p53遺伝子を発現するアデノウイルスベクターを用いた肺癌の遺伝子治療  [in Japanese] Adenoviral p53 Gene Therapy for Lung Cancer  [in Japanese]

Access this Article

Author(s)

    • 藤原 俊義 Fujiwara Toshiyoshi
    • 岡山大学医学部・歯学部附属病院 遺伝子・細胞治療センター Center for Gene and Cell Therapy, Okayama University Hospital|Department of Gastroenterological Surgery, Transplant, and Surgical Oncology, Okayama University Graduate School of Medicine, Dentistry and Pharmaceutical Sciences
    • 田中 紀章 Tanaka Noriaki
    • 岡山大学大学院医歯薬学総合研究科 消化器・腫瘍外科学 Department of Gastroenterological Surgery, Transplant, and Surgical Oncology, Okayama University Graduate School of Medicine, Dentistry and Pharmaceutical Sciences

Abstract

To determine the feasibility, safety, humoral immune response, and biological activity of multiple intratumoral injections of Ad5CMV-p53, and to characterize the pharmacokinetics of Ad5CMV-p53 in patients with advanced non-small cell lung cancer (NSCLC). Fifteen patients with histologically confirmed NSCLC and p53 mutations were enrolled into this phase I trial. Nine patients received escalating dose levels of Ad5CMV-p53 (1 × 109 to 1 × 1011 plaque-forming units[PFU]) as monotherapy once every 4 weeks. Six patients were treated on a 28-day schedule with Ad5CMV-p53 in combination with intravenous administration of cisplatin (80 mg/m2). Patients were monitored for toxicity, vector distribution, antibody formation, and tumor response. Fifteen patients received a total of 63 intratumoral injections of Ad5CMV-p53 without dose-limiting toxicity. The most common treatment-related toxicity was a transient fever. Specific p53 transgene expression was detected using reverse-transcriptase polymerase chain reaction in biopsied tumor tissues throughout the period of treatment despite of the presence of neutralizing anti-adenovirus antibody. Distribution studies revealed that the vector was detected in the gargle and plasma, but rarely in the urine. Thirteen of 15 patients were assessable for efficacy; one patient had a partial response (squamous cell carcinoma at the carina), 10 patients had stable disease, with three lasting ≥9 months, and 2 patients had progressive disease. Multiple courses of intratumoral Ad5CMV-p53 injection alone or in combination with intravenous administration of cisplatin were feasible and well tolerated in advanced NSCLC patients, and appeared to provide clinical benefit.

To determine the feasibility, safety, humoral immune response, and biological activity of multiple intratumoral injections of Ad5CMV-p53, and to characterize the pharmacokinetics of Ad5CMV-p53 in patients with advanced non-small cell lung cancer (NSCLC). Fifteen patients with histologically confirmed NSCLC and p53 mutations were enrolled into this phase I trial. Nine patients received escalating dose levels of Ad5CMV-p53 (1 × 10<sup>9</sup> to 1 × 10<sup>11</sup> plaque-forming units[PFU]) as monotherapy once every 4 weeks. Six patients were treated on a 28-day schedule with Ad5CMV-p53 in combination with intravenous administration of cisplatin (80 mg/m<sup>2</sup>). Patients were monitored for toxicity, vector distribution, antibody formation, and tumor response. Fifteen patients received a total of 63 intratumoral injections of Ad5CMV-p53 without dose-limiting toxicity. The most common treatment-related toxicity was a transient fever. Specific p53 transgene expression was detected using reverse-transcriptase polymerase chain reaction in biopsied tumor tissues throughout the period of treatment despite of the presence of neutralizing anti-adenovirus antibody. Distribution studies revealed that the vector was detected in the gargle and plasma, but rarely in the urine. Thirteen of 15 patients were assessable for efficacy; one patient had a partial response (squamous cell carcinoma at the carina), 10 patients had stable disease, with three lasting ≥9 months, and 2 patients had progressive disease. Multiple courses of intratumoral Ad5CMV-p53 injection alone or in combination with intravenous administration of cisplatin were feasible and well tolerated in advanced NSCLC patients, and appeared to provide clinical benefit.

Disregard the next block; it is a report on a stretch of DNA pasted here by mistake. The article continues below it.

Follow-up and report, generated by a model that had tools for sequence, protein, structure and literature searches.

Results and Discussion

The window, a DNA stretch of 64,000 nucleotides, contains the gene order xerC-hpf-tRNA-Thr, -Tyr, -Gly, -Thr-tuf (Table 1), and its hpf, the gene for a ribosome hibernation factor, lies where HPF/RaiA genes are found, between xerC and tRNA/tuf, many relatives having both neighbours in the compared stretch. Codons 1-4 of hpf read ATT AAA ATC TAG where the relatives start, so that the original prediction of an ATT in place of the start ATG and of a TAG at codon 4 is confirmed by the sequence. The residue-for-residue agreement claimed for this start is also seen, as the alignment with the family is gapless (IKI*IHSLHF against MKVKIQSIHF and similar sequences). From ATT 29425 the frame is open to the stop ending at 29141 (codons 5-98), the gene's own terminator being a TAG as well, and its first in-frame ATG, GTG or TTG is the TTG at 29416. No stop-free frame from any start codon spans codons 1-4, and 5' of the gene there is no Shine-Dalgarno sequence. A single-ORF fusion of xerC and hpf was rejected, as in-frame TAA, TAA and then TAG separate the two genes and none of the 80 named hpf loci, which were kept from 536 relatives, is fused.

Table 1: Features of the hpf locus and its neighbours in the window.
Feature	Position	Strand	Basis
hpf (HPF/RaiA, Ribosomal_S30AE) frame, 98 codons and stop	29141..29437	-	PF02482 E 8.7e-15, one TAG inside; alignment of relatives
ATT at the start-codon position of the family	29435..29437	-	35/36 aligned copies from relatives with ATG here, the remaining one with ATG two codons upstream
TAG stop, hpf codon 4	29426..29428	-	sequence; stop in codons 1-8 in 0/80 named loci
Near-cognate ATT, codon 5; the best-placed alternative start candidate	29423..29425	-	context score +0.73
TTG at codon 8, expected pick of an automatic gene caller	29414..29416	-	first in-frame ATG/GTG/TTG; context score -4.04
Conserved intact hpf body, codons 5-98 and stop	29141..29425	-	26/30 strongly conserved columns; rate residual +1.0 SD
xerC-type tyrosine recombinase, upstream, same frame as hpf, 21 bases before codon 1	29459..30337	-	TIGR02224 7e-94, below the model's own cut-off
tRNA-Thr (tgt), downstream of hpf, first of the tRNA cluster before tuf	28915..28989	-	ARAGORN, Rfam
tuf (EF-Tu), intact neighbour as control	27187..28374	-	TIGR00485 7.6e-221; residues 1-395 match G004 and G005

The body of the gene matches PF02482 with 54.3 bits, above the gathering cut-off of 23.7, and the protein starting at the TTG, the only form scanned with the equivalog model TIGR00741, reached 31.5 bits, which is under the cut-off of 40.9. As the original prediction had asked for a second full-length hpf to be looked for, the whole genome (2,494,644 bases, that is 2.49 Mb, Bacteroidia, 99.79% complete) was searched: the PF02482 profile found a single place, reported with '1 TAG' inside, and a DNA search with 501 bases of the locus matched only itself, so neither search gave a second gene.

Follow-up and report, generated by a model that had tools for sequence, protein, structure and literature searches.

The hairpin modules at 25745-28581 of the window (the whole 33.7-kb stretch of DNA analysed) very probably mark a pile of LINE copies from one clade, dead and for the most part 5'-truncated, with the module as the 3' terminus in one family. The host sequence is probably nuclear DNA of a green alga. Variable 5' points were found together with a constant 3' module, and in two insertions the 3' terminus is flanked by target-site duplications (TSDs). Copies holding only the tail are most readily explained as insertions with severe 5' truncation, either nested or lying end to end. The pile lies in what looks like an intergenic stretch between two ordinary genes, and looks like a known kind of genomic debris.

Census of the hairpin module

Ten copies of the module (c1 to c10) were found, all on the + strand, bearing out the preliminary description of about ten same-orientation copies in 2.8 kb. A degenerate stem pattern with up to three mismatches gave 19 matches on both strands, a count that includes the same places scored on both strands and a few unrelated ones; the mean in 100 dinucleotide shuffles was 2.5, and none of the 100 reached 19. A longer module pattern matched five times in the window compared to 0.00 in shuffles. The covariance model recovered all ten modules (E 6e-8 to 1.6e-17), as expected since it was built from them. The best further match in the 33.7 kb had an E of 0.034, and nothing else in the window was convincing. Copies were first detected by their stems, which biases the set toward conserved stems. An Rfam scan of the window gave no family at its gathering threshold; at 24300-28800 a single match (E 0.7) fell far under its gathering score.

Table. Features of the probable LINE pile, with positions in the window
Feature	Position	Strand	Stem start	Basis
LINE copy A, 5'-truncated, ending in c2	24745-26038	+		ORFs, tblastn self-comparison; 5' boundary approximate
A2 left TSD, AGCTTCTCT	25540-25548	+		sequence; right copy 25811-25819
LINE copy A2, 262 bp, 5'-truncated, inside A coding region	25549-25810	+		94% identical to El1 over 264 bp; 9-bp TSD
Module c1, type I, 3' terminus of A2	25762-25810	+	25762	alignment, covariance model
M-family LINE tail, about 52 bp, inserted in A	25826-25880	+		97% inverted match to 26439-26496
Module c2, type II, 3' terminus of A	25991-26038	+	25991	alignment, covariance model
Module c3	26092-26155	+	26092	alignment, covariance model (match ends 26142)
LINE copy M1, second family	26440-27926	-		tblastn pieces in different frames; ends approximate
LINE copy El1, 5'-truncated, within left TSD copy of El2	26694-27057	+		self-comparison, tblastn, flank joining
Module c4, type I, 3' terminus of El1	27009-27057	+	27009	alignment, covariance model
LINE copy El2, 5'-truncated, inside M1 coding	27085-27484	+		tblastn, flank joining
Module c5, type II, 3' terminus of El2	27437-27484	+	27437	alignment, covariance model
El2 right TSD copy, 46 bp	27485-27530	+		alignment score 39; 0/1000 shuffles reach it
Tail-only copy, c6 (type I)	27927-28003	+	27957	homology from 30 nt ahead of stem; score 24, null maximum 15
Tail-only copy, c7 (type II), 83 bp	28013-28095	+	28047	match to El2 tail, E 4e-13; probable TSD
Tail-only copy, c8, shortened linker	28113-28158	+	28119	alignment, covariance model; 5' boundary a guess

Journal

  • Okayama Igakkai Zasshi (Journal of Okayama Medical Association)

    Okayama Igakkai Zasshi (Journal of Okayama Medical Association) 119(3), 229-234, 2008-01-01

    Okayama Medical Association

References:  11

Codes

  • NII Article ID (NAID)
    10020282723
  • NII NACSIS-CAT ID (NCID)
    AN00032489
  • Text Lang
    JPN
  • Article Type
    ART
  • Journal Type
    大学紀要
  • ISSN
    00301558
  • NDL Article ID
    9354394
  • NDL Call No.
    Z19-269
  • Data Source
    CJP  NDL  IR  J-STAGE 
Page Top